So here is my question: What techniques for using a larger axe will change my mind on the husqvarna, or what can I do about that feeling. I have also caught the axe bug and I feel that it is going to be my next money blower. Outside of the GB small forest axe, what would anyone suggest for another good backpacking and bushcraft axe? I'd like to have a handle about the same size (19"-22''), and a head weight about 1.25 up to 2.25, preferably around 1.8lbs.

    Thanks for sticking around through my ramble and I look forward to hearing everyone's thoughts!
     
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  2. Kreger

    Kreger Guide

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    I like the vintage wetterlings hatchet. I prefer it over GB Scandinavian Forest Axe personally.
     

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  3. cbrianroll

    cbrianroll Professional Tinkerer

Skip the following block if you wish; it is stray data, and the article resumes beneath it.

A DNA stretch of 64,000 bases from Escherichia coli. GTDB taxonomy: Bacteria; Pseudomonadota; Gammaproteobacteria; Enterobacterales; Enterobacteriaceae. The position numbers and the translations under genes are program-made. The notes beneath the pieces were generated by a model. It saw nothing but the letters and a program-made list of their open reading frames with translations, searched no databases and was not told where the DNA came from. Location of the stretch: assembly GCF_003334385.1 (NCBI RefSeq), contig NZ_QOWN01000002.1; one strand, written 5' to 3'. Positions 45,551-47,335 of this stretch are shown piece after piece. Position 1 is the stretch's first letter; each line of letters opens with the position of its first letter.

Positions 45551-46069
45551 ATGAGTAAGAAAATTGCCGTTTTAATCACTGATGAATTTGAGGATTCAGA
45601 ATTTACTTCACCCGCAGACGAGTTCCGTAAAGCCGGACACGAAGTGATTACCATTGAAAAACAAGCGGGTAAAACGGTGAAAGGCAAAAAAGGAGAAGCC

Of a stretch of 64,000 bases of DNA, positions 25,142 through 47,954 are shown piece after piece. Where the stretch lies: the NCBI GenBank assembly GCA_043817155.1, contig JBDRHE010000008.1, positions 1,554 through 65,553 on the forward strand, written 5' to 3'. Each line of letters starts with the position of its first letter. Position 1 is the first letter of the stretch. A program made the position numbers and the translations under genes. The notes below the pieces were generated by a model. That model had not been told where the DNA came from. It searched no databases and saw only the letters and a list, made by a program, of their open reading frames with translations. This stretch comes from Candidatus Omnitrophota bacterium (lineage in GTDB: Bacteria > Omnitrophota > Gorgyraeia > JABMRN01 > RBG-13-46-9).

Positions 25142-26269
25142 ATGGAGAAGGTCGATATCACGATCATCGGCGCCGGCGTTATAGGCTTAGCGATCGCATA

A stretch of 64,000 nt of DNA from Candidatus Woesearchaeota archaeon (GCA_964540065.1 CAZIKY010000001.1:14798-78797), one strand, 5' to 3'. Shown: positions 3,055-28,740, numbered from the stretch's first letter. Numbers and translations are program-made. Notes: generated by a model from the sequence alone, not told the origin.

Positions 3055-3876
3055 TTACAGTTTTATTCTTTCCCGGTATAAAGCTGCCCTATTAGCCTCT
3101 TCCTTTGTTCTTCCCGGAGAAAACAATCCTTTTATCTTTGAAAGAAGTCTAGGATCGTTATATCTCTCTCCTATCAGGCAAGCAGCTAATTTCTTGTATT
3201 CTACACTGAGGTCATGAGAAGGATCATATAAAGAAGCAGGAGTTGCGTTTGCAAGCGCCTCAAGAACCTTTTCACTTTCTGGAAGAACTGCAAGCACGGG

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    I would like to find one to re hang., I only see them for 60 or more though....

    2 stroke...whats the handle length on the husqvarna carpenters?
     
  4. Waynemanning84

    Waynemanning84 Tracker

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    20180226_084632.jpg It doesn't fall into your length category tough you could certainly make it I guess but my Kelly cruiser is 2 1/2 pounds and I have it set up so I can chop with one bit and the other is ground for finer work. I fitted a full sized axe handle too it requires some shaping filing and sanding which makes it 35" overall. I carry it strapped to my pack with no problem and it gives me the versatility of a full sized yet it's light and easy to do carving and small work with.
    I made covers for it I take them both off when splitting or felling trees but have one side on when carving and such so I don't get cut with the unused bit.
    You don't get the option of a hammer with a double bit axe but I can make one in a few minutes in the bush so no big deal. 20180223_100554.jpg 20180223_142252.jpg